Short sales take a long time. Underwriters sometimes request the same document what seems like a dozen different times. Sellers tend to take the highest qualified offer they get (even when that buyer is nowhere near as beautiful and brilliant as you!).Â
With that said, itâ€™s entirely possible that you will have a super smooth transaction, or the shortest short sale ever. Â In fact, that is my hope for you. But if you go in expecting to be the exception to these rules of thumb, thereâ€™s a good chance youâ€™ll be upset over and over again by things that are completely predictable and, thus, create no need for dismay. On the other hand, if you expect glitches, delays and the like, your emotional experience of the transaction will likely be smooth, even if the transaction itself contains the now-normal bumps.
5. Â Cultivate clarity.
Â One extremely common cause of emotional chaos during home buying is the sense that things have spiraled out of your control. Many buyers express feeling that what started out as a very personal vision, dream or aspiration for their lives, their finances and their families is now 100% controlled by banks who donâ€™t care about them or professionals who donâ€™t intimately understand your wants and needs.Â
Itâ€™s true that not everything in your transaction is within your control, but many things are â€“ and thatâ€™s where you should focus your energies. If you start preparing to buy months, even years in advance, by saving, working on your credit, getting referrals to professionals that you feel you can really trust and such, you are much more likely to end up with a home and outcome that satisfies your lifestyle and financial needs. Â
You can also optimize for this by writing out a clear vision statement for your post-buying daily life and your personal finances before you ever meet with a real estate agent or mortgage broker, so that you can walk into those meetings and clearly communicate your wants, needs, and what is and isnâ€™t important to you. Â That makes it much more likely that youâ€™ll get your needs met and minimizes the chances that your transaction will become derailed from your original intentions.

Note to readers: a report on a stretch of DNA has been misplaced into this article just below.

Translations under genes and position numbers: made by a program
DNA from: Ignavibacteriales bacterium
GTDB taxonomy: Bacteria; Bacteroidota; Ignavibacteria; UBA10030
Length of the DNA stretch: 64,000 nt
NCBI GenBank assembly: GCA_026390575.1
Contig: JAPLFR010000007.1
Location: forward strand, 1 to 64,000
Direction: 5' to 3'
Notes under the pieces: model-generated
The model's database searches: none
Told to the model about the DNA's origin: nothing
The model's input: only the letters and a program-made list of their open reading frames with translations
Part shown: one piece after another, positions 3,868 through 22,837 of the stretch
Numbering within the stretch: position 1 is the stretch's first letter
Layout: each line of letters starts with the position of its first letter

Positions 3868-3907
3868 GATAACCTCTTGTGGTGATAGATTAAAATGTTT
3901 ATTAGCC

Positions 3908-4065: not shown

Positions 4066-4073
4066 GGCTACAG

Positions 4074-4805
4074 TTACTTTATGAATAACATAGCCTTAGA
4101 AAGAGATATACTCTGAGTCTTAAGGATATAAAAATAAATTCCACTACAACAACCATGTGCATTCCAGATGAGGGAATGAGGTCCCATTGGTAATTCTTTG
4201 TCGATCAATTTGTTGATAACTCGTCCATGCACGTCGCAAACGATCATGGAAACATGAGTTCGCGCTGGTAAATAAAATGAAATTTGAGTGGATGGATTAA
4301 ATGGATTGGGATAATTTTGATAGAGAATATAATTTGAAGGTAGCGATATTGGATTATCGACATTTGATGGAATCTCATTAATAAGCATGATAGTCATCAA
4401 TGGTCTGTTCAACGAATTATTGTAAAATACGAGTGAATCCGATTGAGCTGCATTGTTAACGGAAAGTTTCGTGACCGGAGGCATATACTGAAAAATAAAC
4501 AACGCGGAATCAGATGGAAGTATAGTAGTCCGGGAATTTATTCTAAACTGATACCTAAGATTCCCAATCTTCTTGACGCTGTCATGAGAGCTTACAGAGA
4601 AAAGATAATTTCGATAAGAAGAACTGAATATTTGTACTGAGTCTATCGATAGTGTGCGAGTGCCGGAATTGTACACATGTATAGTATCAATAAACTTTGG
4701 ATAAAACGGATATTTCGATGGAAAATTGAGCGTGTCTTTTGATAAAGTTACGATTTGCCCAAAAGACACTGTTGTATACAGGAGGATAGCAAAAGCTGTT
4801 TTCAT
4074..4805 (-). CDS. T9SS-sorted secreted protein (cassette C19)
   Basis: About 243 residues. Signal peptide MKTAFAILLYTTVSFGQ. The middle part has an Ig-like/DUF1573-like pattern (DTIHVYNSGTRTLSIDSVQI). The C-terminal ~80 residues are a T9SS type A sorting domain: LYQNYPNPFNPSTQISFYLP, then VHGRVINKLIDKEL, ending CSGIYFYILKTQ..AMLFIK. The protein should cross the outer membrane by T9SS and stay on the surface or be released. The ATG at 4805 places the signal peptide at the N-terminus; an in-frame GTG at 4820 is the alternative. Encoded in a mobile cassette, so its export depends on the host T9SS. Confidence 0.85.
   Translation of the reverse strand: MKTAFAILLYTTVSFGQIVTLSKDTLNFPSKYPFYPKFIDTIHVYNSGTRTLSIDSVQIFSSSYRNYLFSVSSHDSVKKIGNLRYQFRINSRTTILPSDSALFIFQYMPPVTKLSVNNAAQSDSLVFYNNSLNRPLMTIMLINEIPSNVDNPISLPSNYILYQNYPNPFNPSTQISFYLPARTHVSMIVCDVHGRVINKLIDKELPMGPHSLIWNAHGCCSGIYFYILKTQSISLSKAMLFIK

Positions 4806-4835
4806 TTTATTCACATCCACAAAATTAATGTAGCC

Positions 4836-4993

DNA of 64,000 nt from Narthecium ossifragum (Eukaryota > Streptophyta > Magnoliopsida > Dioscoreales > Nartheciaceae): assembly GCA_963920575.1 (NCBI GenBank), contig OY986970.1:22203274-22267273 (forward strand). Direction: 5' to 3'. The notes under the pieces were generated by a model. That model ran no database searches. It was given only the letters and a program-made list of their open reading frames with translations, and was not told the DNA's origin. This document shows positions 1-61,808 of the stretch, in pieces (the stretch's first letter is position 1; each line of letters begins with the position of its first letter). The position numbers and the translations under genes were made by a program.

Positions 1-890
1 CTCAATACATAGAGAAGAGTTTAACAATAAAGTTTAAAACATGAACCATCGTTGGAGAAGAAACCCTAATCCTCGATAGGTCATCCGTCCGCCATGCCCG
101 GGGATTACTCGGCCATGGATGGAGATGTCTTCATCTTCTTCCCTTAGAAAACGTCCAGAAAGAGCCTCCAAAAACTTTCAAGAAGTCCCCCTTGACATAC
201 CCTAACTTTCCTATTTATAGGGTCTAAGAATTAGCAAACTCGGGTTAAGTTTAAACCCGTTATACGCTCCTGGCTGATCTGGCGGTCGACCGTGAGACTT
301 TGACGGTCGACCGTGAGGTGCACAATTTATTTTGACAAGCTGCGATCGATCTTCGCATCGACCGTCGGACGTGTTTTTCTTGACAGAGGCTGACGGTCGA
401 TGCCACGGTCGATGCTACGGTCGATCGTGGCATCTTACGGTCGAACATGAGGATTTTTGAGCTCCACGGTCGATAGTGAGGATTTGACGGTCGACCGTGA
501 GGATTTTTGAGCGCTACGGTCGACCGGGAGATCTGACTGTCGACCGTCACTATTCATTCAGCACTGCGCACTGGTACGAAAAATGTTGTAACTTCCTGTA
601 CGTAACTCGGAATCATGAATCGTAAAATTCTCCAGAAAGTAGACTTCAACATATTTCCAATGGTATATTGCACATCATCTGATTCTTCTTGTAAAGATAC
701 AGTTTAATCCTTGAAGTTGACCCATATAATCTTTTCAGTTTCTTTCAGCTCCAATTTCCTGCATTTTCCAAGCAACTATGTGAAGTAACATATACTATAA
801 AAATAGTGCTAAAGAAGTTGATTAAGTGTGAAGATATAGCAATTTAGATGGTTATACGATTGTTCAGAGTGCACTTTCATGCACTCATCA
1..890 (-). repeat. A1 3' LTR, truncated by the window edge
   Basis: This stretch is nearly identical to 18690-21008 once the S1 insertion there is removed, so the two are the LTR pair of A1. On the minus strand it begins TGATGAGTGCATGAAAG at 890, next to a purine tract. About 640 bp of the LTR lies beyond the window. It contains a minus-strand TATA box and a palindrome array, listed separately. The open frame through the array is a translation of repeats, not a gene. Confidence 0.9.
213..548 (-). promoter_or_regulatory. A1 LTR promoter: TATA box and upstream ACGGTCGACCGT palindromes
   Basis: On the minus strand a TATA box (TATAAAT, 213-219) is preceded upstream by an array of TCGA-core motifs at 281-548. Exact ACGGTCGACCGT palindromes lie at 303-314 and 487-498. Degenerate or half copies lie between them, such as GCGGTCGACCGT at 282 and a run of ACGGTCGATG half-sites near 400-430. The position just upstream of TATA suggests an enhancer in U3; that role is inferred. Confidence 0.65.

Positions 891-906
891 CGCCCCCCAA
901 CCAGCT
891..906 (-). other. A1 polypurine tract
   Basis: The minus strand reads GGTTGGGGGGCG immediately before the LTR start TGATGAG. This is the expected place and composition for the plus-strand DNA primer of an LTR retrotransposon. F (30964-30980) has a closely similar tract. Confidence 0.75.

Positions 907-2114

6. Â Manage your own mindset.
Â The list of freak-outs that are common in the emotional landscape of the homebuyer is quite a long one:Â
Â·Â Â Â Â the fear that the seller wonâ€™t take your offer,Â
Â·Â Â Â Â the fear that youâ€™ll pay too much,
Â·Â Â Â Â the fear of surprises,Â
Â·Â Â Â Â the fear of mortgage glitches,Â
Â·Â Â Â Â the fear that the sellerâ€™s bank wonâ€™t sign off on the short sale,Â
Â·Â Â Â Â the fear that the home of your dreams will turn out to have a bunch of problems,
Â·Â Â Â Â the fear that the appraisal will come in low,Â
Â·Â Â Â Â the fear of buying into a declining market,Â
Â·Â Â Â Â buyerâ€™s remorse
- and the list goes on.Â
Ultimately, only you have the power to be the manager of your mindset. Get educated about the full range of things that may happen and plan accordingly, but avoid mentally dwelling on or worrying about hypothetical disasters and worst case scenarios.Â
Learn what things are and are not within your power to control, and decide up front that you will not fixate on or stress about the things that are not. For example, you can control what you offer or whether to house hunt for short sales; you cannot control whether another buyer offers more or whether the sellerâ€™s bank green lights the short sale.Â
If you do get a curve ball thrown at you, take a deep breath, consult with your experts and make the decision that best serves your personal vision and priorities. Then, donâ€™t look back!Â
How have you seen buyers master their own mental universes? Â How do you help them keep calm and carry on, so to speak?
What were your personal home buying freak-out moments? Â What advice do you have for other buyers who want to up the level of Zen they experience during their transactions?P.S. - You should follow Trulia and Tara on Facebook!Â Â